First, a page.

Until two weeks ago, every step was painful for Bob Recupido.
"I couldn't walk a block without the pain being so excruciating, I'd have to stop," Bob said. The trouble was in an artery in Bob's thigh.
It was so clogged by plaque, his lower leg was starving for oxygen.
In addition to pain, those clogged blood vessels pose health problems for the legs and feet.
"You can develop gangrene; you can develop an ulcer that just fails to heal," Dr. Joseph Lombardi of Cooper University Hospital said.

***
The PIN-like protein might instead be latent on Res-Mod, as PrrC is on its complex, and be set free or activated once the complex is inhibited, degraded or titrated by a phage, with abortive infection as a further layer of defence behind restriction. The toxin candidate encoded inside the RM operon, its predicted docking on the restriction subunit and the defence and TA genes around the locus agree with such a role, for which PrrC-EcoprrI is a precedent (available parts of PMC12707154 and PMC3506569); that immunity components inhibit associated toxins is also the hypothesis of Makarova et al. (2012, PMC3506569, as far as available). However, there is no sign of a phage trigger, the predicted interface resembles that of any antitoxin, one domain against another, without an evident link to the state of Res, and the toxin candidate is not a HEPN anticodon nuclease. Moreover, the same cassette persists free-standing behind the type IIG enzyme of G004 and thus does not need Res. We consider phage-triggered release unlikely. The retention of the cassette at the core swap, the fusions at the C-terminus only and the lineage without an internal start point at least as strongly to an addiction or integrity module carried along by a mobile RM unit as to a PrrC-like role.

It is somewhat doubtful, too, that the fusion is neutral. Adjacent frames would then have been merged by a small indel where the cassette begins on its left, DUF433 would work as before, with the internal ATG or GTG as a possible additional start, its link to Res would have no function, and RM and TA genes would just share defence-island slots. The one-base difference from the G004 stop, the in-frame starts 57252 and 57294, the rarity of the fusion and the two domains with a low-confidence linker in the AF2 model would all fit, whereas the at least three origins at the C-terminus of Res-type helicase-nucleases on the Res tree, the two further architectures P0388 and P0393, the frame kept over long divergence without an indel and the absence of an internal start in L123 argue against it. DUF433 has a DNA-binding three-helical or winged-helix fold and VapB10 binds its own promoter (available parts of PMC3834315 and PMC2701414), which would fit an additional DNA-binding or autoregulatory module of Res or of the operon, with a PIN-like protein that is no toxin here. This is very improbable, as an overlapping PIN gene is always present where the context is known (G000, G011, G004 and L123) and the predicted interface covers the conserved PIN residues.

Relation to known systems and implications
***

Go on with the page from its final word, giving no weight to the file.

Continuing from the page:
Angioplasty using a balloon can open the artery. However, many close up again, even when a mesh tube called a stent is implanted.
So for Bob, Dr. Lombardi implanted a newly FDA approved stent coated with a drug.
"The drug prevents that from closing up prematurely," Dr. Lombardi said.
Like stents for the heart, the ones for the leg are threaded into place with a tiny catheter.
Bob says the leg pain went away immediately. Now, he's itching to get walking, to lose weight and improve his diabetes.
"I'm just waiting for the weather to break," Bob said.
This kind of drug-coated stent was approved just before Thanksgiving, so it's just arriving in hospitals.
In this area, Cooper University Hospital is the first to have it.